August 14th. The Kansas Supreme Court has issued its decision in State v. Morningstar (No. 99,788) an appeal arising from a child abuse prosecution. In a unanimous opinion, written by Justice Dan Biles, the Court upheld the conviction of Gary Morningstar for the rape of his six-month old daughter but vacated his Jessica’s Law sentence, in accordance with the recent precedent in State v. Bello.
The background to this case is revolting and covered in the Court’s opinion which is linked here and for this reason we see no reason to repeat it in this entry. Suffice to say that the abuse Morningstar inflicted on his daughter resulted in her hospitalization and was described by a nurse who had been involved in 188 previous sex abuse cases, as the worst trauma to a child she had ever seen.
Morningstar raised three issues. The first two concerned the State’s not having presented evidence to the jury that Morningstar was over 18 which the Court has held is a required element of the automatic life without parole for 25 years sentence under Jessica’s Law. Morningstar argued that because of this his conviction should be vacated. The Court rejected this argument, holding that the lack of evidence presented concerning his age did not mean that the crime had not happened, merely that a different sentencing regime must take effect. Therefore, Morningstar succeeded on his second point, that the Jessica’s Law sentence be vacated and he be remanded for resentencing under the Sentencing Guidelines.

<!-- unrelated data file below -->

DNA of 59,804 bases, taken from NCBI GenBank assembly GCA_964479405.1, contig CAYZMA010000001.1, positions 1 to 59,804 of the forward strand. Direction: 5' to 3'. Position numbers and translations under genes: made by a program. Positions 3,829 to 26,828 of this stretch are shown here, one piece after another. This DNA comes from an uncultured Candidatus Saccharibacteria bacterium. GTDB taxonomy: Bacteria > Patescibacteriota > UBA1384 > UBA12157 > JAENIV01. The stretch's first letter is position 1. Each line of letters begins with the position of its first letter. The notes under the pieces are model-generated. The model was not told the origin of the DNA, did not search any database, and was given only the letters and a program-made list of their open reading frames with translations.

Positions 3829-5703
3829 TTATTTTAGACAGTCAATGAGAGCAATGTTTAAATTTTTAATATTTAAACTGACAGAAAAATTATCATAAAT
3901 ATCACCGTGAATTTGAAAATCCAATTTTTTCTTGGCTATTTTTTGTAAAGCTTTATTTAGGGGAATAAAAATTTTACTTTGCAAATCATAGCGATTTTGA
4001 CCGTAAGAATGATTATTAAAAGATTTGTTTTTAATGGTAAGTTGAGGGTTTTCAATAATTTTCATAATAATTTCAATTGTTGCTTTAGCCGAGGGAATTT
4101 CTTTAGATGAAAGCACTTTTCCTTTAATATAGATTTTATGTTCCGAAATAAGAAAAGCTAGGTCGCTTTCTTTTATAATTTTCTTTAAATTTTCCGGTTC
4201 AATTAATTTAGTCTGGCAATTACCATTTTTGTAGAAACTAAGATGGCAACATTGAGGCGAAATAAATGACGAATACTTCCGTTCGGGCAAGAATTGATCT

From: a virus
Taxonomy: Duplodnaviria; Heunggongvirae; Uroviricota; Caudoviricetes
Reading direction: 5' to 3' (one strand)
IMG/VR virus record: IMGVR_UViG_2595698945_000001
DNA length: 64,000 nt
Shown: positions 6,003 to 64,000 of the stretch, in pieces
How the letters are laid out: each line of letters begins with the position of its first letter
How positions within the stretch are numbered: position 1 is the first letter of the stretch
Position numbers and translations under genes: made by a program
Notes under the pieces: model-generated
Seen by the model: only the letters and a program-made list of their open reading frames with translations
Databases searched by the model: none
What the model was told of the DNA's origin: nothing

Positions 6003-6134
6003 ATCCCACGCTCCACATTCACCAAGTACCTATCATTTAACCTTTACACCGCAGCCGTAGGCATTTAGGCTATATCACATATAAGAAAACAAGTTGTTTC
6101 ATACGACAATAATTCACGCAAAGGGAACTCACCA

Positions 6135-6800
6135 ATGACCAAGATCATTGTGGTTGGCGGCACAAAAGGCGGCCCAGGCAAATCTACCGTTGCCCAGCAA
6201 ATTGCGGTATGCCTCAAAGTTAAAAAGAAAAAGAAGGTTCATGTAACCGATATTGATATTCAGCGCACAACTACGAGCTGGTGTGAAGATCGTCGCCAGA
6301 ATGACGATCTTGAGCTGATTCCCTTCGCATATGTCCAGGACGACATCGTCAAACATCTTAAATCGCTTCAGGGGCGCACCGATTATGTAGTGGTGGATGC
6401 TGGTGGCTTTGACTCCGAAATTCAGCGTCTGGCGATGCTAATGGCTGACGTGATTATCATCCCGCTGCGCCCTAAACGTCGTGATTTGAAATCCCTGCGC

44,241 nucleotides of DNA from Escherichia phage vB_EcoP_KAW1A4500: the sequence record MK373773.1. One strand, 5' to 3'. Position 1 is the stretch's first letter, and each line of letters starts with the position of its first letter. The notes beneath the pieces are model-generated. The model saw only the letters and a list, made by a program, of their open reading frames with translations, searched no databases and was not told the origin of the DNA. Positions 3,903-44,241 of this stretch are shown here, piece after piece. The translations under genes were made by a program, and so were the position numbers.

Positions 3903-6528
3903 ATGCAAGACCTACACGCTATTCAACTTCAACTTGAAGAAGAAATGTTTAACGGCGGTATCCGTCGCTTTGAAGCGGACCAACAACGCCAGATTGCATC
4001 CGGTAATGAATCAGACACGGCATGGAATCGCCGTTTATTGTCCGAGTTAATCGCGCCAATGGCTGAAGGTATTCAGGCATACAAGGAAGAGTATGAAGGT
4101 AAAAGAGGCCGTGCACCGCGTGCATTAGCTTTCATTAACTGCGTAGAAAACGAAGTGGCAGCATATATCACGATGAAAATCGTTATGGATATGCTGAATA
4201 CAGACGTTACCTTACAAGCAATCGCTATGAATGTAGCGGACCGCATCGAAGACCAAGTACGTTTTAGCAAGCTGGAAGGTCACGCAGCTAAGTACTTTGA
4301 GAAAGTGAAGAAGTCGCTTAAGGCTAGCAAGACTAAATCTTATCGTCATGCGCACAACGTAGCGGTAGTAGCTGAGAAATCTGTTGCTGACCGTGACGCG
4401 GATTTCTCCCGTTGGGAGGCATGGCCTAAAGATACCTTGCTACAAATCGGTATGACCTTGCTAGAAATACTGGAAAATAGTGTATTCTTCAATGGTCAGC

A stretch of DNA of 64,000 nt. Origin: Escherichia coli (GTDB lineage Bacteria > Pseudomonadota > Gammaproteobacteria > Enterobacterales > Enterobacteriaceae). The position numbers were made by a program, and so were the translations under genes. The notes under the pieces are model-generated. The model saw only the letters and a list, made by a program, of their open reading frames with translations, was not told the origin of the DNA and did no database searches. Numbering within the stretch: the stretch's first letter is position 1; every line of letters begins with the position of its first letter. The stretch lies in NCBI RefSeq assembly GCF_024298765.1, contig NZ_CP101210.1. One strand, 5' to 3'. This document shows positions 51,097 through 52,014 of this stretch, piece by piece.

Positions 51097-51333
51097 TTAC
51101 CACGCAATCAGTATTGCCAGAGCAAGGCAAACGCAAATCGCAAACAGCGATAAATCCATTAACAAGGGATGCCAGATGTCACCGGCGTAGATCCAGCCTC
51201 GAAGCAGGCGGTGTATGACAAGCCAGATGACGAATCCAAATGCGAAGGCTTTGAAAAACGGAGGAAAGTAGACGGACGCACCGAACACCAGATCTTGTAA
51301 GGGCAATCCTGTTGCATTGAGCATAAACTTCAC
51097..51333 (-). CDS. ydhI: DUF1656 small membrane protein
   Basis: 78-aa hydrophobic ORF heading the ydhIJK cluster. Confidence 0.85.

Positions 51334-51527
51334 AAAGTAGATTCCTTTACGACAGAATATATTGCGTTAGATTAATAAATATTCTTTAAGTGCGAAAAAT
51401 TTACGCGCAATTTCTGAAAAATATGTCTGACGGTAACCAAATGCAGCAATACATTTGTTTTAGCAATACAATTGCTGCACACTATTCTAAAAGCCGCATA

Morningstar’s final argument was that the prosecutor engaged in misconduct with comments he made to the Jury about how Morningstar had left the baby lying in the bath after she had sustained her injuries while he made a telephone call to his wife. The Court rejected this argument finding that the prosecutor’s comments were acceptable and that even if they had not been they would still not have risen to the level of misconduct since they were supported by substantial evidence and therefore did not prejudice his defense.
Morningstar’s original sentence was vacated and the case remanded for resentencing. He will therefore receive a more lenient sentence under the Kansas Sentencing Guidelines.